3. To investigate perceptions and attitudes towards surgical and medical abortion among those travelling at least one hour by road or by flight to Winnipeg for induced abortion services.
  4. To provide insights into facilitators and barriers to accessing abortion services in those travelling at least one hour by road or any time by flight to Winnipeg for induced abortion, potentially identifying areas for improvement in abortion health policy and abortion service delivery.

This study will add unique insight to the young knowledge base in Canada of experiences in those needing to travel for their abortion care. Our results will have the potential to improve abortion services in rural and remote areas, improve our understanding of travel experiences for abortion care when necessary, and bolster provider knowledge in ways to better serve this particular population in the outlined circumstances.

The impact of varying weightbearing restrictions on postoperative outcomes following arthroscopic surgery for femoroacetabular impingement: a randomized trial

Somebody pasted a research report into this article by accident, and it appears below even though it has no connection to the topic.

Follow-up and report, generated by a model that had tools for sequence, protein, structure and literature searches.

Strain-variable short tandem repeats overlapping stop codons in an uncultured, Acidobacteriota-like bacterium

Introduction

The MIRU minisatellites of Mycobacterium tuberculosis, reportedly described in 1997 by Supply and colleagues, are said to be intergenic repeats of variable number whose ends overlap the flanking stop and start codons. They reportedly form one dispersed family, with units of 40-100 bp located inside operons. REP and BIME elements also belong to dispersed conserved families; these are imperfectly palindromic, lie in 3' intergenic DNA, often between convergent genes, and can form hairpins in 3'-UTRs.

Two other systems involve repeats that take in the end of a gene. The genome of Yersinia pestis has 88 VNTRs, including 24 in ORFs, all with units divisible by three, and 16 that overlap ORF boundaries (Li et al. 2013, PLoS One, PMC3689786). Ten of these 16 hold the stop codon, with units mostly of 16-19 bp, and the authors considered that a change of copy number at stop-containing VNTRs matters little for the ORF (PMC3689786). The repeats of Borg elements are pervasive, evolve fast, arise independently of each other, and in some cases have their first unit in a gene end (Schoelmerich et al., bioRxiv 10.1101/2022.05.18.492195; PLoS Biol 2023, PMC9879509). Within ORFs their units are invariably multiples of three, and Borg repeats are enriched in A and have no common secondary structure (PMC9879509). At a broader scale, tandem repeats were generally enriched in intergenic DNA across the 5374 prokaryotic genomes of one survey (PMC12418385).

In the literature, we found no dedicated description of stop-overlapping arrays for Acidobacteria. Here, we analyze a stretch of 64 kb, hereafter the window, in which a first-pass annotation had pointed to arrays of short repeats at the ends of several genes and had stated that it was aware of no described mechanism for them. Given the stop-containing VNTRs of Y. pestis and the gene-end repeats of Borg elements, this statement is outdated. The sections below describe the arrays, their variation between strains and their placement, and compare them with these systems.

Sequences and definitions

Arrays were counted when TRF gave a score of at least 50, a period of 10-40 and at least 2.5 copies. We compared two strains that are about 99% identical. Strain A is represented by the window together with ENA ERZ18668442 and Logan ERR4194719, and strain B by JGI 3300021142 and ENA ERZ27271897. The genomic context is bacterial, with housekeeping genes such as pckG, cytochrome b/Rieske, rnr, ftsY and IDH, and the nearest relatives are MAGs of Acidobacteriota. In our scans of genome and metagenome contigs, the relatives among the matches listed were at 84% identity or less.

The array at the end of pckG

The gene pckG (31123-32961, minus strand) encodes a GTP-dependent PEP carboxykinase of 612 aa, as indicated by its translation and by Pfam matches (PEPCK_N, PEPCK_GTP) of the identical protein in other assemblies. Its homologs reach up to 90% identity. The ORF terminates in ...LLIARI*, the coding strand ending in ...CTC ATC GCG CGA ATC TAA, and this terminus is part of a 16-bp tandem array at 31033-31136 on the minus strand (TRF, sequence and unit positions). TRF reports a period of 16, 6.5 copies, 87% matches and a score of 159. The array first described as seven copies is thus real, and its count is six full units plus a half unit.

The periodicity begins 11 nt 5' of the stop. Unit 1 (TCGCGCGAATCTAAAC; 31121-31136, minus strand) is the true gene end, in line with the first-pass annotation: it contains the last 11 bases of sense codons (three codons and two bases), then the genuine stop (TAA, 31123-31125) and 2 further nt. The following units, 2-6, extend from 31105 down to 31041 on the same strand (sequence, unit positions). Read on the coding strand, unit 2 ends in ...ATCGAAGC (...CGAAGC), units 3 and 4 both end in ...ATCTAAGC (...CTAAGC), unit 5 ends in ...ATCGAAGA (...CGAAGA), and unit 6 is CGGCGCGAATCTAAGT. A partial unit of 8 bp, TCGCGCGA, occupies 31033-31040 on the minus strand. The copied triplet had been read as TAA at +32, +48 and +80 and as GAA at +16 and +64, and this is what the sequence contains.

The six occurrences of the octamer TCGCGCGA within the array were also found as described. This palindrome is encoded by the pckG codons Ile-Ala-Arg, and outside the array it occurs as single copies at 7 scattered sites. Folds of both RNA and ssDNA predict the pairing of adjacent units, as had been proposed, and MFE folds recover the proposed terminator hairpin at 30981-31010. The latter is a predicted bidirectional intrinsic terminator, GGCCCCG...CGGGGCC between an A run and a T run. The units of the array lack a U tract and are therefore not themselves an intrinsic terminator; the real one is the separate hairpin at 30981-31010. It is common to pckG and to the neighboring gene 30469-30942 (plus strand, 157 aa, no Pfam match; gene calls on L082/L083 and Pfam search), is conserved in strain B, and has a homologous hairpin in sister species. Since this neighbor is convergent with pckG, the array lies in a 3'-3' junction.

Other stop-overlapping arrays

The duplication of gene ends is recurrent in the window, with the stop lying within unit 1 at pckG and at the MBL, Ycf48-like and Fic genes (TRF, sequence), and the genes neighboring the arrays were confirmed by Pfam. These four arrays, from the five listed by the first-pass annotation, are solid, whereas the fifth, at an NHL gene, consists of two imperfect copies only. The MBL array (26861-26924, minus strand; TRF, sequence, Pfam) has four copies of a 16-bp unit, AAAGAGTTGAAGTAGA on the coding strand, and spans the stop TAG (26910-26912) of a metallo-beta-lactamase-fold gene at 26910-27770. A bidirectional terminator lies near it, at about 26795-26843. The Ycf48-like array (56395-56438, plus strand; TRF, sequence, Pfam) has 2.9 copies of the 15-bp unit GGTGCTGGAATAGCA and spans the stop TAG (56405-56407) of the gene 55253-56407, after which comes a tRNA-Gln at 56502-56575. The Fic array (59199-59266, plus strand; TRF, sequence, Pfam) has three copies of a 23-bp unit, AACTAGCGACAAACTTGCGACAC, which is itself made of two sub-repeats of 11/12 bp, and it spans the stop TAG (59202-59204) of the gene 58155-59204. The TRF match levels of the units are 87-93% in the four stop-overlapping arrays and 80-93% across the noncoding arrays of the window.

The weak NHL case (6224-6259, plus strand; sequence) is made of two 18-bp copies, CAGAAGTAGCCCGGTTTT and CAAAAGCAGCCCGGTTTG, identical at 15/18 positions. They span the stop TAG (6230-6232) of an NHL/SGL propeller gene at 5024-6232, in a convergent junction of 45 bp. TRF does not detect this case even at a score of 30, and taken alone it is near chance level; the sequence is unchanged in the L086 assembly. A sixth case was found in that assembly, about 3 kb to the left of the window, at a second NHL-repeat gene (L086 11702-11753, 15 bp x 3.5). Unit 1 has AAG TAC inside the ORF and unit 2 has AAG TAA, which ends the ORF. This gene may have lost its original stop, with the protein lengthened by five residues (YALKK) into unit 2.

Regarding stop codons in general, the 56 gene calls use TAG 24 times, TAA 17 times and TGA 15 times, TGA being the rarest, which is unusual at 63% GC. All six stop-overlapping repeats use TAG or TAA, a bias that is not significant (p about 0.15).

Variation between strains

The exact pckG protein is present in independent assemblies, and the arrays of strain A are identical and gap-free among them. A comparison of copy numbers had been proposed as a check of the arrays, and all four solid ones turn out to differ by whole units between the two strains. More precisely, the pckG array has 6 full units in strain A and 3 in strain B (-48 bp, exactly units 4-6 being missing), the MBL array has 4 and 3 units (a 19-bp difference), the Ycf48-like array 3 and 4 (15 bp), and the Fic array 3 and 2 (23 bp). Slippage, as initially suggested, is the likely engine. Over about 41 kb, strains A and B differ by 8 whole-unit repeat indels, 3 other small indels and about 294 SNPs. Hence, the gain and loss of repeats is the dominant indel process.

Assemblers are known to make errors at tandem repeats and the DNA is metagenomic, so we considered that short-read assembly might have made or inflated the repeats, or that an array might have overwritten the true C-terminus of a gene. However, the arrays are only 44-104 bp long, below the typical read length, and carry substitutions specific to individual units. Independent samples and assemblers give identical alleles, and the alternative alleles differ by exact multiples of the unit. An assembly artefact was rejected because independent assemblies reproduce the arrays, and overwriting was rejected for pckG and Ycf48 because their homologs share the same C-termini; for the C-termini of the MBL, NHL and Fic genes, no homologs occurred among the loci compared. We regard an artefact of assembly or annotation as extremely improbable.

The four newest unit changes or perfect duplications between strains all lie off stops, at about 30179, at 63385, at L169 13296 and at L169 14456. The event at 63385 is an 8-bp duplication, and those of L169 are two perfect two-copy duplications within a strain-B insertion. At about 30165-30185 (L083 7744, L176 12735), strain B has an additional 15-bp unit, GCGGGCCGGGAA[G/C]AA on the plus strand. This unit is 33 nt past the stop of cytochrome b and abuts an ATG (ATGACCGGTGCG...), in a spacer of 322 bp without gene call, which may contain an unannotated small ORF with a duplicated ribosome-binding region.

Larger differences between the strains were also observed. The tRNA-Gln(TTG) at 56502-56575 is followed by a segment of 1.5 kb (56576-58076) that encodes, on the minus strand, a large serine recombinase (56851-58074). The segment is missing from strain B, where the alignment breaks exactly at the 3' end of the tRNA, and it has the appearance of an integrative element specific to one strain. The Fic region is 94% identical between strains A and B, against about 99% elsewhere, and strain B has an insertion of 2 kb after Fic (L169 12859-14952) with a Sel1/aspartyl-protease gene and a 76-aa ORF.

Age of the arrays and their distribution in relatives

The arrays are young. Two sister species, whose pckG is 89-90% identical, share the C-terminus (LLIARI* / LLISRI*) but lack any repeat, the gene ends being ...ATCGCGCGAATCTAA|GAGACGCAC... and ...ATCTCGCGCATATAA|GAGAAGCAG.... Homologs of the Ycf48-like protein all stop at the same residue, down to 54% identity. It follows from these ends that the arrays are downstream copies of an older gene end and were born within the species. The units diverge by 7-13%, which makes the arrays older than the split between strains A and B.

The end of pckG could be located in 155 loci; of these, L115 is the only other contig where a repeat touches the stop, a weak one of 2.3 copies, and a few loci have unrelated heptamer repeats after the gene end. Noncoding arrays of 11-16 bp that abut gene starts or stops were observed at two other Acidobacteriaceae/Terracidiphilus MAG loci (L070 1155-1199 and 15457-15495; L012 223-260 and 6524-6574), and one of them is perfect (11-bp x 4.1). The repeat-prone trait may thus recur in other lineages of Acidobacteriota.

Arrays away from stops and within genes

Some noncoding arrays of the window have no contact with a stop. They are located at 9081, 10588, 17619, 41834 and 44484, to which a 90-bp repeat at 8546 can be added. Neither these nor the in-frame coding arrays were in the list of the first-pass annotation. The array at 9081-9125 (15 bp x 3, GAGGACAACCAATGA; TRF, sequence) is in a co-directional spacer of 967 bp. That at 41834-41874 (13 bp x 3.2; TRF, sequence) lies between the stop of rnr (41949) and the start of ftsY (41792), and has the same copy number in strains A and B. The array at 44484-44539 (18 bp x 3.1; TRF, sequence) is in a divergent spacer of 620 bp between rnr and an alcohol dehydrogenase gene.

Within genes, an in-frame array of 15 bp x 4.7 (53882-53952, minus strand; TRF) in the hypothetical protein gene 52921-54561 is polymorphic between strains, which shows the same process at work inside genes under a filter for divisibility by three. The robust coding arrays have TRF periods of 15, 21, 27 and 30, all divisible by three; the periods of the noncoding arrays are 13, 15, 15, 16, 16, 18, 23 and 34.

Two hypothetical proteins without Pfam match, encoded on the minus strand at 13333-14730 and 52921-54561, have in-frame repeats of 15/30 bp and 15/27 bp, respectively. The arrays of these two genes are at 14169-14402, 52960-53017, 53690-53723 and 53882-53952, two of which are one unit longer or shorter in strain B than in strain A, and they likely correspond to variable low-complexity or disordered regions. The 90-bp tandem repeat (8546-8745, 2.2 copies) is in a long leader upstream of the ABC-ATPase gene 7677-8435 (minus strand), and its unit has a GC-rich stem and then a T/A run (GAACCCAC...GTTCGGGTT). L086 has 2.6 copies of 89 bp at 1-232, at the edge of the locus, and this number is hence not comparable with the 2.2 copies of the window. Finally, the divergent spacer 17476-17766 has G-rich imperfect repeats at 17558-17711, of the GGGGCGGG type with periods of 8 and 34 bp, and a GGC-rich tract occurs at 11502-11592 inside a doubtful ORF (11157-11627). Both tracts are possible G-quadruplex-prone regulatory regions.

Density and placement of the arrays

Dr. Devin Lemmex

Affiliation: Pan Am Clinic Foundation, University of Manitoba


Femoroacetabular impingement is a condition of the hip that primarily causes pain in young and active individuals. It is caused by irregularities in the shape of the bones that make up the hip joint, leading to tears in the cartilage. It can eventually lead to arthritis.

To treat this condition, patients often undergo lengthy periods of physiotherapy, use anti-inflammatory medication and undergo injections into the joint. However, if these are not effective, then surgery may be performed.

This type of surgery is done through small incisions, using a camera, and is minimally invasive. The available studies evaluating this type of surgery tell us that it is safe, reproducible and very effective.

Despite technological advances and modern techniques used inside the operating room, it is unclear on how patients should start their rehabilitation process afterwards. Specifically, should they be using crutches to protect the hip from weightbearing, or should they begin walking as soon as possible? This is a simple question but one that potentially can make a big difference in early recovery and comfort after surgery.